Express, a national retailer with four Indianapolis-area mall stores, plans to close about 100 stores as part of a restructuring plan.
Kroger looks within for new president of local division
The Kroger Co. on Tuesday announced it has promoted Colleen Juergensen to take over as president of the chain’s Central division, replacing the retiring Pam Matthews.Read More
UPDATE: Church buys former Marsh in Broad Ripple for $7.6M, plans Midtown campus
The sale of the 6.6-acre property included the 57,000-square-foot store on Keystone Avenue. Traders Point Christian Church plans to create an 800-seat auditorium and spaces for children and teens.Read More
Fast-growing Office360 acquires Kentucky office-supply firm
The acquisition of 65-year-old Cardinal Workplace Solutions is the 10th for Office360 since its launch in 2008 and will help the company expand its footprint in Kentucky and Ohio.Read More
Stakeholders consider Lafayette Square redevelopment possibilities
The mall’s proposed sale is considered by industry experts to be welcome news for a lower-income neighborhood trying to make a comeback.Read More
The positive December figures were partially offset by downward revisions to October and November sales. That suggests consumer spending likely grew more slowly in the final three months of last year than previously expected.
The format is key to the pharmacy chain’s plan to slash expenses. Also this week: Black Acre Brewing Co., Sauce on the Side, Versona, Tropical Smoothie Cafe.
The restaurant, 653 E. 52nd St., opened just off North College Avenue in November 2011. Its last day of business was Saturday.
The fast-growing chain’s concept allows customers to stay in their cars. Also this week: Root & Bone, Gavel, People’s Revel Room, Gymboree Play & Music, Portrait Innovations and more.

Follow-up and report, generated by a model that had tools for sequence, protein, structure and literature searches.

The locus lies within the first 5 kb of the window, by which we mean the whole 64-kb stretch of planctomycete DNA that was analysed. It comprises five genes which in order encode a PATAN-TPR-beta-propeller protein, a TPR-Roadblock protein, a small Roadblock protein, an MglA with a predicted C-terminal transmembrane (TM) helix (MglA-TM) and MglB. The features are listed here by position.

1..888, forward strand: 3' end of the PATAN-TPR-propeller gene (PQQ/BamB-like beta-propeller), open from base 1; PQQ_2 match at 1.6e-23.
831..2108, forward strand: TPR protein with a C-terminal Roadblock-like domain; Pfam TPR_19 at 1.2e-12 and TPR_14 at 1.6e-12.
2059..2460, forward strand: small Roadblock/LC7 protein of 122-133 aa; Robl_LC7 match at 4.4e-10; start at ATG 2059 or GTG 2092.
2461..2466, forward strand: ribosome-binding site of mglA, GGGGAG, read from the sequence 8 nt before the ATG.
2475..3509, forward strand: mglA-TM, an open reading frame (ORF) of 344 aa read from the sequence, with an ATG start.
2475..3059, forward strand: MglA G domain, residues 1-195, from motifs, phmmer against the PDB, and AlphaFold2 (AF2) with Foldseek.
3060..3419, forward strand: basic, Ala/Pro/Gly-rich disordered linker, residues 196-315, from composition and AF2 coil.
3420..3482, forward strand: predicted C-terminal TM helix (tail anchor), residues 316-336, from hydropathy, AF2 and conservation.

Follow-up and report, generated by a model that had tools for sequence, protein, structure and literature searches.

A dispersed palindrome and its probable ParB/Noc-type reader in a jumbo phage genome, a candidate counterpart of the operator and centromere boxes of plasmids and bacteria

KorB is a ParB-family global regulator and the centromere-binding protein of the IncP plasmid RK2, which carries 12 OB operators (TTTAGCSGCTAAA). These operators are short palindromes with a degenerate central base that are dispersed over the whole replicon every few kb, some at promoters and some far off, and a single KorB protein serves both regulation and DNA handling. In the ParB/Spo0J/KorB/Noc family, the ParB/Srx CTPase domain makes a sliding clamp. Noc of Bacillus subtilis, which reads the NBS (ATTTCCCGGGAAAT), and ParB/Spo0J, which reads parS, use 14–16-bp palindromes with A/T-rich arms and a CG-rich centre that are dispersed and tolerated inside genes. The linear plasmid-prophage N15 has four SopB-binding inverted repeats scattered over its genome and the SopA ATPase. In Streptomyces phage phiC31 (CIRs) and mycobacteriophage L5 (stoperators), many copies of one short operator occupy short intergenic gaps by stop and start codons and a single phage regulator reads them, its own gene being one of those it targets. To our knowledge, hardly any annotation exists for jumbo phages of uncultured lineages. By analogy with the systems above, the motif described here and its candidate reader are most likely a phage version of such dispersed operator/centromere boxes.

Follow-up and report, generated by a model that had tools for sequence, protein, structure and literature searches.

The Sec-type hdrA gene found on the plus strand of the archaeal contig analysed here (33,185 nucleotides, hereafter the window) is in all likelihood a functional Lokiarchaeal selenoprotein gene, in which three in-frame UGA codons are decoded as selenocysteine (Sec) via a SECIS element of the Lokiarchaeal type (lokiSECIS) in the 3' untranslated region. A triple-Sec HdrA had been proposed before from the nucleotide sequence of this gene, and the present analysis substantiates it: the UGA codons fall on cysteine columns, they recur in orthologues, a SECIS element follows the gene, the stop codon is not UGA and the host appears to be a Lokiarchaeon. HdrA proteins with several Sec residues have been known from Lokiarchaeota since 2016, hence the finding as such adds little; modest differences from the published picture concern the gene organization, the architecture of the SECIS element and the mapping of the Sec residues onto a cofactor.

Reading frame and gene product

Macy’s sales at stores opened at least a year fell 0.6% during the November and December period, which was not as bad as most industry analysts had anticipated.
Pier 1 Imports, which is led by the former CEO of defunct retailer HHGregg, plans to shut down hundreds of stores as it struggles to draw consumers and compete online.
The closure will leave the downtown mall with only a handful of tenants who were part of the shopping center’s 1995 opening day store lineup.
It is now illegal for a retailer to sell any tobacco product—including cigarettes, cigars and e-cigarettes—to anyone under 21, according to federal law.
More than 7,600 stores closed this year through October, a record for that point in the year, according to Credit Suisse. And the outlook for 2020 doesn’t look any brighter.
The project, whose backers include father/son developers Tom and Ed Battista, has been in the works for more than two years. Also this week: Jimmy John’s, Taste of Havana, Marco’s Pizza and Best Buy.
New entrants have disrupted the luxury sector by creating different channels to attain the seemingly unattainable. For luxury department stores that once had a lock on where the well-heeled could shop, that has forced them to reimagine their approach.
The founders and owners said the restaurant in Carmel’s Arts & Design District will be replaced by a family-owned restaurant that will serve Mediterranean cuisine.
A catalog-industry rebound appears in the works, fueled in part by what might seem an unlikely group: younger shoppers who find it’s sometimes easier, more satisfying and even nostalgic, flipping pages rather than clicking links.
The shop in Castleton is expected to open in March and will sell fresh baby food plus merchandise for both babies and mothers. The company also offers baby food subscription boxes.
30 Minute Hit will open its first Indiana gym in Indianapolis’ Wanamaker community early next year. Also this week: Burn by Rocky Patel, Wei Ramen, City Bytes Coffee, Gina’s Grill, Rise ‘n Roll and more.
The Carmel City Council this week approved building manager Keystone Realty Group’s application to use the city’s final available new three-way liquor license for a restaurant at 110 W. Main St.
The Lyft Grocery Access pilot program, which launched on the city’s far-east side in July, will now serve residents living in the area bounded by 42nd Street on the north, St. Clair Street on the south, Meridian Street on the east and Riverside Drive on the west.
The chain, which specializes in organic and natural food, plans to close its stores in Carmel, Noblesville and Greenwood on Jan. 11.